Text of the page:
In his short story “The Guest” Albert Camus brings up a series of philosophical questions. Is a man really endowed with free will? What society expects or demands, neither, or both, are our decisions determined by? How can social and moral obligation determine decision making? An old gendarme Balducci brings the Arab to the door of Daru, an anchorite schoolmaster, who lives in the premises of the school. Balducci informs the schoolmaster that he has an order “to deliver the prisoner”, thus, getting rid of responsibility over the Arab’s further fate. Balducci is on the point of declining responsibility of the Arab’s eventual escape. Moreover, he is acting as if he has been expressly ordered so (to deliver the Arab to the school and to give the orders concerning the Arab to Daru). Furthermore, Balducci suggests that whatever happens to the Arab afterwards will not be dependent at all on anything made before. An old gendarme avoids any obligation he ought to feel. Being aware of the responsibility he should bear, Balducci knows, nonetheless, that he does not have to do so.
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Daru ends up accepting the alien prisoner because the Arab has been delivered to him. Daru feels himself responsible to the French society and government, so he accepts the Arab. Nevertheless, the schoolmaster does not feel himself obliged to deliver the Arab to the police in Tinguit. The schoolmaster takes that order as some social duty not to let a criminal free. Daru simply cannot defy the social order being afraid of the society’s eventual sinking into chaos, he would not be able to avoid. Daru is supposed to deliver the Arab to the “police headquarters”, because the latter has killed a man in a “family squabble”, as Balducci puts it. Had the Arab stolen corn from a public field to save his kids from starvation, then the schoolmaster would have had justification for not taking him to prison. He views the rules of society to be not applicable if the law is being broken for some, apparently, just cause. Therefore, taking the Arab to prison becomes not only a societal obligation. Daru first and foremost desires to feel safe, so to protect society he ought to have a criminal punished. If Daru fails to fulfill his duty it will mean that he denies the responsibility to society. So he is afraid of society ceasing protect him in retort.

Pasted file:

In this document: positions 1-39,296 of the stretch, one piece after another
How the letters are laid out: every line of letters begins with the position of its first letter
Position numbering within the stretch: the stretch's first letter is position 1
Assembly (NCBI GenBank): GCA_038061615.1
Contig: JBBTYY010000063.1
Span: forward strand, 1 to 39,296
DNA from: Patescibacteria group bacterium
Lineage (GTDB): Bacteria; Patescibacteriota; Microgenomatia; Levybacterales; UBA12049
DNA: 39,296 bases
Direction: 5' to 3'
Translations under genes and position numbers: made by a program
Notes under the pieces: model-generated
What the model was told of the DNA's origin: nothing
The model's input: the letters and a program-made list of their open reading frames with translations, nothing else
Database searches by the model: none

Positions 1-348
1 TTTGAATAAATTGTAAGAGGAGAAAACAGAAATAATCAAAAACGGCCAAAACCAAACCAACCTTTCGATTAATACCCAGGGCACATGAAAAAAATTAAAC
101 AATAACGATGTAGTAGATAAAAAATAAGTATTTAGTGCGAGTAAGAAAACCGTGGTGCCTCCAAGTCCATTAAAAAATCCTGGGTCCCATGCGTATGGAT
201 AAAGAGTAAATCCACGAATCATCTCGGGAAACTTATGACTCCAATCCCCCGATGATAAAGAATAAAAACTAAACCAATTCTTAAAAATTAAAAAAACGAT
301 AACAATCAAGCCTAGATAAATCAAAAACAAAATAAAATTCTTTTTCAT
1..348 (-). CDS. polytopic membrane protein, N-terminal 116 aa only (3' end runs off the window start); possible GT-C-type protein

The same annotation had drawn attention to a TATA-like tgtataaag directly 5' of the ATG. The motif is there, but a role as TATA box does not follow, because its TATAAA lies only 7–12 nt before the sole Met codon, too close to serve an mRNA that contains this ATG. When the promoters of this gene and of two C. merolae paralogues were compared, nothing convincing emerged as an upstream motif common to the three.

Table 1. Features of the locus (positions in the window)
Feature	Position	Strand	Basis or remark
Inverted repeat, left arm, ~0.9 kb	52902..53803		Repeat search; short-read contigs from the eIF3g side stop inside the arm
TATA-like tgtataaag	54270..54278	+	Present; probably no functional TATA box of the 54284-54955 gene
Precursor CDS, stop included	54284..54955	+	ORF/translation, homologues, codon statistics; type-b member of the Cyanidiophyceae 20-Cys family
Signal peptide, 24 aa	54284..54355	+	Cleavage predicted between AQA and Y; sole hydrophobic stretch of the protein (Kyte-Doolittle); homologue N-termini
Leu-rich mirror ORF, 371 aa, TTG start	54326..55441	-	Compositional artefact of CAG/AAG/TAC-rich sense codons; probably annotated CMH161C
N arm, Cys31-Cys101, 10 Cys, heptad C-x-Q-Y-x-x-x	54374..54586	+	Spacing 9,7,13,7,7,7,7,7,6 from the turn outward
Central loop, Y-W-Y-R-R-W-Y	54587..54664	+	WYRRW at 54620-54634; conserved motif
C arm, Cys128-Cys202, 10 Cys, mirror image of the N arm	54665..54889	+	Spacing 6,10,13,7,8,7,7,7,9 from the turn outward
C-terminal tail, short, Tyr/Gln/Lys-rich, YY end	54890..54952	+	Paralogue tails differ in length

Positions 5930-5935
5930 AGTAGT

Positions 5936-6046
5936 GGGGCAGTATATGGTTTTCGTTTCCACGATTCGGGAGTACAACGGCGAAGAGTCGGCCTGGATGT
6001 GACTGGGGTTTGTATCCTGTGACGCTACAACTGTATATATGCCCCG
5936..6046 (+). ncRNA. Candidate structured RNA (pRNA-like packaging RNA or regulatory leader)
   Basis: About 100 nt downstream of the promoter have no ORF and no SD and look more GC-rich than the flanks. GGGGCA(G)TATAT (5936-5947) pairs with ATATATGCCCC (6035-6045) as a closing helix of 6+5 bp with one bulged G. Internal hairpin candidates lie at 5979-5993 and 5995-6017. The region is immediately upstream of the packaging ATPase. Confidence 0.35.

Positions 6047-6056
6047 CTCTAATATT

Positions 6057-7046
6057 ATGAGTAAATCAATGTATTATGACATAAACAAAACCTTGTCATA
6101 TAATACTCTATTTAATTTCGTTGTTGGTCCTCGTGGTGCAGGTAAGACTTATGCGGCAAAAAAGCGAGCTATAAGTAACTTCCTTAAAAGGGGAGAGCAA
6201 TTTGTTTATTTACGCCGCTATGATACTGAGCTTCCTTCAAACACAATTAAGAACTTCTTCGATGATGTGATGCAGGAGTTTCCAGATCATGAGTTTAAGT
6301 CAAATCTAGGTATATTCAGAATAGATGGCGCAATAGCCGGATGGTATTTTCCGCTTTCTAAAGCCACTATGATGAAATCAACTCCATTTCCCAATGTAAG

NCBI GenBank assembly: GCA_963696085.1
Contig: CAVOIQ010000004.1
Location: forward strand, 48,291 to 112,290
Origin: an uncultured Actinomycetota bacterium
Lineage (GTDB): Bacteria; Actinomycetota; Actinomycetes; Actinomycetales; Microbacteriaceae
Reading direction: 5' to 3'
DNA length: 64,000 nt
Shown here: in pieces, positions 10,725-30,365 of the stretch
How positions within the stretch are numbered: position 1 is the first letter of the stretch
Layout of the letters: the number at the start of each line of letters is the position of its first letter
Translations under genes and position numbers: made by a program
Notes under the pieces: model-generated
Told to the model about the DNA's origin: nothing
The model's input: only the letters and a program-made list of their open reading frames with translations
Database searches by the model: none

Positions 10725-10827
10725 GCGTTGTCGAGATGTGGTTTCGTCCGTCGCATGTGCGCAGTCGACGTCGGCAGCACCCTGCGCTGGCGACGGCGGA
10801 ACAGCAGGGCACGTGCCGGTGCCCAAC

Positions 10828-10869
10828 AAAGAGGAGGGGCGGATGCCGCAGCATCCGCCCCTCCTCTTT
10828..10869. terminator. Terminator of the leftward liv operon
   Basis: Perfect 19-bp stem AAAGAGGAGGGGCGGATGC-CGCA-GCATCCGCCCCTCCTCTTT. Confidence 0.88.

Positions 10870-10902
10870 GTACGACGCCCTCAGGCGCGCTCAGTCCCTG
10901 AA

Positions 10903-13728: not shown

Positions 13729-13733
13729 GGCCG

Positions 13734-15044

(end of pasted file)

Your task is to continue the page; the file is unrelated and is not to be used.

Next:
Having accepted the Arab Daru has to wait till the next day to have the trip to the prison. This makes him face another choice. Daru is actually free to treat the Arab like a human being, or treat him like an animal (having him tied, not giving a prisoner a thing to be seated on or a place to have a rest). The schoolmaster chooses to treat the prisoner like human being, even though he does not consider him a man. Daru’s attitude to the Arab is obvious even to a reader. The Arab is nameless throughout the entire story. The Arab sounds somewhat like “the dog”, or “the gun” meaning that it identifies object and class it belongs to. Daru does not know the Arab’s name and he does not care about it at all looking at a prisoner like at an animal. Camus bluntly says that Daru sees nothing but the Arab’s shining eyes and “the animal mouth” as the prisoner is eating. So even while Daru actually treats the Arab humanely he goes on viewing him as an animal. Such attitudes toward the natives were very typical of the French. It was not until 1947 that native Algerians were granted French citizenship not being stipulated for renouncing their Muslim identity. Native Algerians were denied their human and civil rights unless they ceased being themselves. Muslim Algerians were actually not viewed as human beings. A reader can also witness this when the gendarme leaves the Arab at school without ensuring the schoolmaster will keep his obligations to the Arab as a man and a citizen. Although no one can live in a vacuum, Camus as a philosopher tries to explain the nature of the men, who try to hide themselves behind some shell and, thus, avoid any responsibility to the society they belong to.